Because of the novel and complex nature of cryptocurrency, Gruenberg said, the FDIC should approach its regulation with thought and care. The FDIC issued a letter to its supervised banks that requested information on their cryptocurrency activities earlier this year, and Gruenberg said collaboration with banks would continue.

“There are important risks and policy concerns that will need to be taken into consideration before a payment stablecoin system is developed,” he said.

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Treasury to Release Three Reports on Digital Currencies in ‘Coming Weeks’

The reports will discuss digital asset implications on national security, financial inclusion, privacy and citizens.

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Photo of Treasury Secretary Janet Yellen

WASHINGTON, August 29, 2022 – The Treasury Department announced last week it will be releasing a series of reports about the security and state of digital currencies in the U.S. “in the coming weeks.”

The department said three reports will be released and will discuss the impact of digital assets on issues such as national security, financial inclusion, privacy and on consumers, businesses, and investors.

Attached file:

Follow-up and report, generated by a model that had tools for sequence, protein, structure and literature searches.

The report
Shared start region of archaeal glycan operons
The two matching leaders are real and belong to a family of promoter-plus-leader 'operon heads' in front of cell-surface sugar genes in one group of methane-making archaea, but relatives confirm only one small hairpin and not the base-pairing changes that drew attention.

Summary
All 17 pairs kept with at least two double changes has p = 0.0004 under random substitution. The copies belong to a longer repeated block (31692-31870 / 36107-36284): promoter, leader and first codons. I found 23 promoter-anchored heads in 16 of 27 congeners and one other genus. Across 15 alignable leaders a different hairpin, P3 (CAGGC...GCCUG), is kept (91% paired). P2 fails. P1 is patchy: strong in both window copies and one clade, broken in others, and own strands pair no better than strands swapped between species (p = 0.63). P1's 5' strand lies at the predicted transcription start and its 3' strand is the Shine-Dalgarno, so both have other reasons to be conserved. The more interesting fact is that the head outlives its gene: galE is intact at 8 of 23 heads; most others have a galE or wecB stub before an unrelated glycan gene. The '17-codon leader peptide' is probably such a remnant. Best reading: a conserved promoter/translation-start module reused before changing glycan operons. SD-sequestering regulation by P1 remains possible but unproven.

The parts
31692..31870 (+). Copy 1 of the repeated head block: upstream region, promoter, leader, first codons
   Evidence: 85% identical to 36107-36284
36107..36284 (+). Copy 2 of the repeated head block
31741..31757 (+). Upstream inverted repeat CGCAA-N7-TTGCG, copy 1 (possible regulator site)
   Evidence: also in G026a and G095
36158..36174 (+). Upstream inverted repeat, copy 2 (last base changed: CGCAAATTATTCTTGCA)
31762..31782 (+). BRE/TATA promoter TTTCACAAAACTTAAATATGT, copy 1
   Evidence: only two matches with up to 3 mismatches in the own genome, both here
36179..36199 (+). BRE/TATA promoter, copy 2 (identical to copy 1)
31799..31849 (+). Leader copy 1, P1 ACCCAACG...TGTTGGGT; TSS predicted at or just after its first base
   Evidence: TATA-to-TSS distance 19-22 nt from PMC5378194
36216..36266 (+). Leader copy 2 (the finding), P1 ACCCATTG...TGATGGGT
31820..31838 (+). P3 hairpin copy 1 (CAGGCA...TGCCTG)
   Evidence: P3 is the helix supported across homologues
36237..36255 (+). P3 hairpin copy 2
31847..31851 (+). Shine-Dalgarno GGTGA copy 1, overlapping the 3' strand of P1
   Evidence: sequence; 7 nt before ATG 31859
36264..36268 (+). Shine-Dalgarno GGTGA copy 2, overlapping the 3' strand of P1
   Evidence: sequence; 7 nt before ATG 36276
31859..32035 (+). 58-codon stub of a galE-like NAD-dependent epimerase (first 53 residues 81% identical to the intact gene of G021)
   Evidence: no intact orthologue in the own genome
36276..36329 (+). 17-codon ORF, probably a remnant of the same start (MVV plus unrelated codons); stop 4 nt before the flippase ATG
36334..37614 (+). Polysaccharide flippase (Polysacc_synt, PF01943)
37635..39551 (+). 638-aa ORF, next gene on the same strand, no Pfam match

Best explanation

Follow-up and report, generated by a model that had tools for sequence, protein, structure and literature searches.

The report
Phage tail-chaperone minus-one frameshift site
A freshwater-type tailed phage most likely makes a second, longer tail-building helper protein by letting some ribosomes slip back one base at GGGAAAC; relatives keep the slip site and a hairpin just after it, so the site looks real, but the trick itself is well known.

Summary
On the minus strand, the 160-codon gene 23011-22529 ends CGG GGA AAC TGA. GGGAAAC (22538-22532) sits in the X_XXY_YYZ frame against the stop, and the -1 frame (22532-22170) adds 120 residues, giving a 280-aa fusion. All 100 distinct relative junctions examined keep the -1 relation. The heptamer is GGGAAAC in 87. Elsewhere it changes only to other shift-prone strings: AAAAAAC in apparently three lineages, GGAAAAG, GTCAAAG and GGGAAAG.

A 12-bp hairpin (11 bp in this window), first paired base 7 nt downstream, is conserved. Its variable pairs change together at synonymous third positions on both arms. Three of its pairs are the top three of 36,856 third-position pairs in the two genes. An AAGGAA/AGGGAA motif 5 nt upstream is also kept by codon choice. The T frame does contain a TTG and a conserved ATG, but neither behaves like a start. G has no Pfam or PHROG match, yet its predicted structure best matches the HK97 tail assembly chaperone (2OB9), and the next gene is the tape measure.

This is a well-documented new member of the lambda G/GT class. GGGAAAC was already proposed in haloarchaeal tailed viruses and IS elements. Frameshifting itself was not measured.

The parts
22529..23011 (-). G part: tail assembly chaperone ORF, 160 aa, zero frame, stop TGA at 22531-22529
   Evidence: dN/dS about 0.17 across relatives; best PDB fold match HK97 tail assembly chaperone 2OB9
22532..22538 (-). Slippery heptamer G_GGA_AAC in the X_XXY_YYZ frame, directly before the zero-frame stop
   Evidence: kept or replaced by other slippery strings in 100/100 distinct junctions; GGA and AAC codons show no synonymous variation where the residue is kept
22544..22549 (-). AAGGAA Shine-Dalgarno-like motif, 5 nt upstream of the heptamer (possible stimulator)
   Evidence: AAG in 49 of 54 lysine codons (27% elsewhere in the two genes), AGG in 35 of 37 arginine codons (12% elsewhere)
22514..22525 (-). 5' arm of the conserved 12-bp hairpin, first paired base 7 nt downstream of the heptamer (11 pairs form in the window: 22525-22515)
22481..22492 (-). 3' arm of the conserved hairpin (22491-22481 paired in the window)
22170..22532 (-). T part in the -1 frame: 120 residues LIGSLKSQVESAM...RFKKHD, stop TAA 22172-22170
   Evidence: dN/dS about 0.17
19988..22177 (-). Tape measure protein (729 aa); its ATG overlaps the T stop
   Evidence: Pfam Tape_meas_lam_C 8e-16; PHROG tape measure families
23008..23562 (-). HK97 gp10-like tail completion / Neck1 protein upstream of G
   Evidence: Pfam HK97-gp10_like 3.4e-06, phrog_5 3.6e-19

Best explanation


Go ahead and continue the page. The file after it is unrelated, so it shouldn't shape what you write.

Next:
The department’s August 24 announcement will fulfill a commitment required by a March executive order from the Biden administration that mandates within 180 days the department produce a report about the future of money and payments systems, including adoption of digital assets, and the implications of technology and those assets on the country’s financial system.

The Biden administration has put “a high level of urgency towards research and development efforts into a potential U.S. central bank digital currency,” Julia Smearman, director of international financial markets at the Treasury Department, said Wednesday.

At an event earlier this year, experts pondered whether the U.S. was falling behind other nations, such as China, when it comes to developing their own digital currency.

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IBM Exec Touts Blockchain Technology as Economy Accelerator

Blockchain will be commonplace in the economy ‘within the decade,’ the IBM executive said.